Absolutely disappointed with the IMO bad decision of ETH devs with regards to ASICs

@MoneroCrusher

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commented Aug 31, 2018

BTW ETH issuance reduction only will make it barely profitable for me to mine. Think about all the hobbyist miners paying 20c for their household electricity, this will definitely put them out of business.
You're losing more & more miners

@salanki

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commented Aug 31, 2018

And gain more and more ASICs controlled by the same few companies

@5chdn

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commented Aug 31, 2018

I don't think the core devs are opposed to implementing progpow. But it's a very involved change and there is no way we can properly implement and test this before Constantinople. That's why it's realistically being dealt with on the way up to the Istanbul fork.

@MoneroCrusher

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commented Aug 31, 2018

@5chdn @ ALL ETH DEVS
Did you by chance miss OhGodAGirl stating that she and her devs can easily implement ProgPOW into Constantinople and that she would gladly provide all assistance & coding free of charge? The majority is done.

Here, read it for yourself:

So much misinformation about ProgPoW here, and what it does, and how it works.

First and foremost, it's not just a tweak that invalidates ASICs. Anyone involved in the development of hardware knows that these tweaks don't actually do anything when a sequencer and a creative architecture team comes into play, and with the development frame of ASICs, you're looking at about two months before a new revision with an alt-mask comes out.

Secondly, CNv2 and all Cryptonite variants are historically flawed. On a side note, when you go to tune something for multiple variations of a hardware, you run into the issue of actually becoming less centralized-resistant. It's (part) of the reason why ProgPoW is tied to 32-bit, rather than 64-bit.

Thirdly, ProgPoW actually takes very little work to implement in Constantinople. It requires client asistance, but that's about it. The hard part - the GPU architecture - is done. With enough serious adoption, I wager that larger companies will even throw their development efforts behind it. The ask for CNv2 to be adopted is baffling to me, because anyone in the know already knows that there are masks for the damn thing. Should I just start a Medium page, with designs for all these algorithms? If you don't believe me, go believe someone who lives and breaths silicon (someone like David Vorick, for instance).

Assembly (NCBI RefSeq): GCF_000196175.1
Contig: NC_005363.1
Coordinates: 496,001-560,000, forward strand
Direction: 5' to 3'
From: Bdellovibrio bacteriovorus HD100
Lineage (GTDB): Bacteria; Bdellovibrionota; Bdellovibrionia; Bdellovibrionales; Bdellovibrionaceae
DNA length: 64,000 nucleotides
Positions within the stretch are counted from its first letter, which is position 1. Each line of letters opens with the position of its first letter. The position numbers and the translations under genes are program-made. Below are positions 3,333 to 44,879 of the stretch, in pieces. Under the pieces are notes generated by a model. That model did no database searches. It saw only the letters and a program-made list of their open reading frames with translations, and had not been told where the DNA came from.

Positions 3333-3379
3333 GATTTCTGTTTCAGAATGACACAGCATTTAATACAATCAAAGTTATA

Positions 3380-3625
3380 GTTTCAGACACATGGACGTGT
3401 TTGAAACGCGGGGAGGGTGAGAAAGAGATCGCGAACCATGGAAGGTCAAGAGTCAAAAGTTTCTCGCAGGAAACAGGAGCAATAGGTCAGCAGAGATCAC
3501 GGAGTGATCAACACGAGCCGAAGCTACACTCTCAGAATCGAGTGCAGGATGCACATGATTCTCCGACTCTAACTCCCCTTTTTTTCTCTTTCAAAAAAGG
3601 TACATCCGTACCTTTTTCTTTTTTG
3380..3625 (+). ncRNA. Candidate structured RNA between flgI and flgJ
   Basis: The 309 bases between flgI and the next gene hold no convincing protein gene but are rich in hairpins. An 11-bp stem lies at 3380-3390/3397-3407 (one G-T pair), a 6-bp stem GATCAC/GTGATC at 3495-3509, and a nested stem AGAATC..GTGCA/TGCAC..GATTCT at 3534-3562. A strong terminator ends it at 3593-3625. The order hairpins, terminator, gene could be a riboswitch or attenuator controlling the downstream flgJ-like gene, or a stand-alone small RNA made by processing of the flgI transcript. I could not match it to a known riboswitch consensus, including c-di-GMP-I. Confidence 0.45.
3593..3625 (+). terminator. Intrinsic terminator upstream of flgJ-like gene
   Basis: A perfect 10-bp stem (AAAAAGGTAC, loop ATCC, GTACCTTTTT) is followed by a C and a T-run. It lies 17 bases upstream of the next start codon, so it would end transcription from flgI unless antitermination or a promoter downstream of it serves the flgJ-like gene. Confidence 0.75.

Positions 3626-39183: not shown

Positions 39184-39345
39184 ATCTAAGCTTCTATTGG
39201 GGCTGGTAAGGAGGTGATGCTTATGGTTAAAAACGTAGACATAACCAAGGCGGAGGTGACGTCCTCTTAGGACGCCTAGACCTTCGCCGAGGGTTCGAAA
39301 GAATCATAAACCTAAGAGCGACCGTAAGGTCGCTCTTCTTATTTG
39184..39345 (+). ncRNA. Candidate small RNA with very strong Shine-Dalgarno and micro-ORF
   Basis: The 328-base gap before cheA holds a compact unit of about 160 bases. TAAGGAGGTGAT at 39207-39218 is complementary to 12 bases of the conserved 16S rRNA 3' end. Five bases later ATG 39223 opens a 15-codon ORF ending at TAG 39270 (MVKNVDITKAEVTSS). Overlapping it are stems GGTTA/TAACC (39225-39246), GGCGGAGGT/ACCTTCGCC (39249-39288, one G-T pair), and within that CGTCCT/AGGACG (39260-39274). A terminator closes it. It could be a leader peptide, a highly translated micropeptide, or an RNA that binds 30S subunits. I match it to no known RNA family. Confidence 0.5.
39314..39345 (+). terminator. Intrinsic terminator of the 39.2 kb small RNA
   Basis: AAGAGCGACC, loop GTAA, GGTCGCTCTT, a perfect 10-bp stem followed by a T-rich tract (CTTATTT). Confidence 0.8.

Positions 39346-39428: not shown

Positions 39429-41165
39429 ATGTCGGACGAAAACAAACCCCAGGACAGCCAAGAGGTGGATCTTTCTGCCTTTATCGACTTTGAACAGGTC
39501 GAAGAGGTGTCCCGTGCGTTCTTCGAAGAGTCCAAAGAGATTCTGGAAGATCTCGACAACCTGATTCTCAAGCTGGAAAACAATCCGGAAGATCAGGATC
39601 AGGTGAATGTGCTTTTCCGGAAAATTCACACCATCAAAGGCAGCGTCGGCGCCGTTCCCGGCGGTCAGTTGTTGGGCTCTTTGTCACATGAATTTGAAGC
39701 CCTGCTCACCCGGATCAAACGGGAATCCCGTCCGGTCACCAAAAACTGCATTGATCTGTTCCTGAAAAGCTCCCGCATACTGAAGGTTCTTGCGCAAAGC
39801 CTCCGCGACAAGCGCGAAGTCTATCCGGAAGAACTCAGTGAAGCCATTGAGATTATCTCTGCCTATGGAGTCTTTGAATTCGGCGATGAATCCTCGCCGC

Fourth, just because code hasn't seen widespread adoption in mainnet coins, doesn't mean it is a risk to implement. That is why the code is open source - you can pretty much catch any issue before being deployed. That's called peer review, folks. Innovation requires taking a chance sometimes.

You don't want to break existing ASICs, you want to tune the algorithm to a piece of hardware (a GPU) that everyone has access to, that is used for other things (not just cryptocurrency mining), and has natural resale value. Actually, there's a ton of neat tricks you can do (like ensuring its specialized on a single card, rather than multiple to benefit Average Joe Miner).

Fifth, ProgPoW is designed to not break ASICs, but to encourage development of open-source GPU cards. Creating an "ASIC" for ProgPoW will end up just mimicking a GPU. Open-source hardware is a wonderful thing. We need more diversity in this space, rather than the big three (Intel, AMD, NVIDIA). Imagine the kind of innovation we can see in a programmable world if everyone and their aunt has access to open-source graphic cards...

The constant whack-a-mole game with ASICs is tiring and a waste of development efforts. Please, don't go down that route.

I am really tickled pink that folks are pushing for ProgPoW, but please understand the algorithm's purpose isn't just to preserve cryptocurrency mining: it's to preserve a future powered by the most energy-friendly, compact, programmable pieces of hardware out there (GPUHoarder, don't you dare start).